Years ago, when I first saw photos of the Mosque-Cathedral of Córdoba its vast array of columns that remind of a forest mesmerized me. I was very fortunate to be able to visit it and, although short, my stay there really was as magical as I expected.
The building is very unusual in that it was built both by Christians and Muslims, and its architecture is hard to comprehend until one reads about its history. Let me quote Wikipedia’s:
“The site was originally a small temple of Christian Visigoth origin, the Catholic Basilica of Saint Vincent of Lérins. When Muslims conquered Spain in 711, the church was first divided into Muslim and Christian halves. This sharing arrangement of the site lasted until 784, when the Christian half was purchased by the Emir ‘Abd al-Rahman I, who then proceeded to demolish the original structure and build the grand mosque of Córdoba on its ground. Córdoba returned to Christian rule in 1236 during the Reconquista, and the building was converted to a Roman Catholic church, culminating in the insertion of a Renaissance cathedral nave in the 16th century.”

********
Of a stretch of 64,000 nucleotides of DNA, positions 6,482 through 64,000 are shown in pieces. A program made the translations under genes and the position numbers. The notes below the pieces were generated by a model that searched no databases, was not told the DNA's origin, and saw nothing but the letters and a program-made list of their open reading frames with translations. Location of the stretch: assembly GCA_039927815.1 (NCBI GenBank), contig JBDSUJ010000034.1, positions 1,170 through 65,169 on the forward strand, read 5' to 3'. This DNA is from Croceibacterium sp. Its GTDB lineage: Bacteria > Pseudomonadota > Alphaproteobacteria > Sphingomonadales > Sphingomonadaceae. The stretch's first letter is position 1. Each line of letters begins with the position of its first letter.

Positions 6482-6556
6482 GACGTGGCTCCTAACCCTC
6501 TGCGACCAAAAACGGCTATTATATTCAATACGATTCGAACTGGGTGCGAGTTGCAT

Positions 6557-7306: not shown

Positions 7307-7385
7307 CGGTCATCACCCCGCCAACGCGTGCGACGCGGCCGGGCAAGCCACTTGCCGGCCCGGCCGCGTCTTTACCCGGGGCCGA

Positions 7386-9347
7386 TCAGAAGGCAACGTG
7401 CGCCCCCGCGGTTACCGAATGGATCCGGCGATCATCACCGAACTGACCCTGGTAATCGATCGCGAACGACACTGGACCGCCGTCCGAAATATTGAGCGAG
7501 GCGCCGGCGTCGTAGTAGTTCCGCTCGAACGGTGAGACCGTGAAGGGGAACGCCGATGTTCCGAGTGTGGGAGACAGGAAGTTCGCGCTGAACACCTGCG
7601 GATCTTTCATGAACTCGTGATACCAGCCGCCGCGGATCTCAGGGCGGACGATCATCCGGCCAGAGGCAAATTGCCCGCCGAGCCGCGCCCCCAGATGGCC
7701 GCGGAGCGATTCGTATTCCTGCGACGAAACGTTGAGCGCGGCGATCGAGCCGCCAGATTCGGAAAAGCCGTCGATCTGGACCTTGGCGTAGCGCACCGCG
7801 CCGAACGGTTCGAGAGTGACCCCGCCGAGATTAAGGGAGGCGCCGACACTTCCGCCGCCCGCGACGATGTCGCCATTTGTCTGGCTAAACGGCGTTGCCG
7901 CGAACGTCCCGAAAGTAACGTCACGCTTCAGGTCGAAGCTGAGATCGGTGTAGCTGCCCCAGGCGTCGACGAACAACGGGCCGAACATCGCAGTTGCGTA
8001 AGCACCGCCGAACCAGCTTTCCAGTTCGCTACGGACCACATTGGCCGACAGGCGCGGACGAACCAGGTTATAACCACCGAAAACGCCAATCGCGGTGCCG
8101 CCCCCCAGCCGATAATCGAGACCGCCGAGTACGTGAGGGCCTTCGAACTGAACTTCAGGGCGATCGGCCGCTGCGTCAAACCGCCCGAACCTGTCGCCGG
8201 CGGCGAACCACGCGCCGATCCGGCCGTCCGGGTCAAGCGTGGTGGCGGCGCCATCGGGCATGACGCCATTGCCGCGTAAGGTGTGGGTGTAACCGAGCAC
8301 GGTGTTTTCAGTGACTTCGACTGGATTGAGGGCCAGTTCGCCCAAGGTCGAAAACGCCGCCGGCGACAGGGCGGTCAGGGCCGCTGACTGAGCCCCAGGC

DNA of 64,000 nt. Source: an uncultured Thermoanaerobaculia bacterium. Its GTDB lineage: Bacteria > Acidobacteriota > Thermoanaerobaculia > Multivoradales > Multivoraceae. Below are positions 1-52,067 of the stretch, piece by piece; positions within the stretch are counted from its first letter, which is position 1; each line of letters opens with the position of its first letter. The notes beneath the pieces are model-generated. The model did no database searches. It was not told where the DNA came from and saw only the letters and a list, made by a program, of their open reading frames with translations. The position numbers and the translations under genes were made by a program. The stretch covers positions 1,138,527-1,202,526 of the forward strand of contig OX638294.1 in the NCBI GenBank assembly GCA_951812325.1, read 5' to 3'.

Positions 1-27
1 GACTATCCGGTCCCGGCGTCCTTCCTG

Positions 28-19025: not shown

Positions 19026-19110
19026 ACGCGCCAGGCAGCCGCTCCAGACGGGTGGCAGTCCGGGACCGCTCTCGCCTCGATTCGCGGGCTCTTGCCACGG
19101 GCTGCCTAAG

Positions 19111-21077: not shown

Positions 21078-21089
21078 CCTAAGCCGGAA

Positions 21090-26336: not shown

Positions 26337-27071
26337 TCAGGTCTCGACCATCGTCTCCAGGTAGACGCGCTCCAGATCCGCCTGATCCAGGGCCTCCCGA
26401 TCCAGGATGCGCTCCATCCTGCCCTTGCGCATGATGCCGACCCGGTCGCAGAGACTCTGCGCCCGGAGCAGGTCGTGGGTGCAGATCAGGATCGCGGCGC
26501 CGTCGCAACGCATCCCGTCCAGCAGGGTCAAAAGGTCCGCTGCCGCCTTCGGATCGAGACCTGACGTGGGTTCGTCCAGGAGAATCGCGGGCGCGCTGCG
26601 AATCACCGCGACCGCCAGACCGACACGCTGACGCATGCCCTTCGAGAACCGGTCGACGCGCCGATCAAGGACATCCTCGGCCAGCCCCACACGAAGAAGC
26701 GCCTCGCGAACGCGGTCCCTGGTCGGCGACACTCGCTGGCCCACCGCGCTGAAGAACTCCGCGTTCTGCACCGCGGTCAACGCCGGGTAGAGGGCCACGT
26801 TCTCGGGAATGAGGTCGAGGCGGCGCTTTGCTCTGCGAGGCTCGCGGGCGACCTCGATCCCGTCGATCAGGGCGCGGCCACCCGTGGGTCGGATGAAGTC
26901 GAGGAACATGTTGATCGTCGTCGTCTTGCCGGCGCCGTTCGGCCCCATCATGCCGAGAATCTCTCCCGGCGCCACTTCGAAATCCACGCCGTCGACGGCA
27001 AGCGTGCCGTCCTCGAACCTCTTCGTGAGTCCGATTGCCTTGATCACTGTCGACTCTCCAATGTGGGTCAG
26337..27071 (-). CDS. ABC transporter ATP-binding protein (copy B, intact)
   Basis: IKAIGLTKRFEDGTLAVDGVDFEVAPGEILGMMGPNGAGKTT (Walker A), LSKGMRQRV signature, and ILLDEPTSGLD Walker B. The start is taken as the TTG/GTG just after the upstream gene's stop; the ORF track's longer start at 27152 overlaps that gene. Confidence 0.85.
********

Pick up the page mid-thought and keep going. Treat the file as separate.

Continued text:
The Mezquita-Catedral de Córdoba is very deservedly a World Heritage Site, and it is the focal point of a visit to the Andalusian City of Córdoba. I will make a post about the city soon and I recommend you to visit it if you travel to Spain.
Have you been to Córdoba too?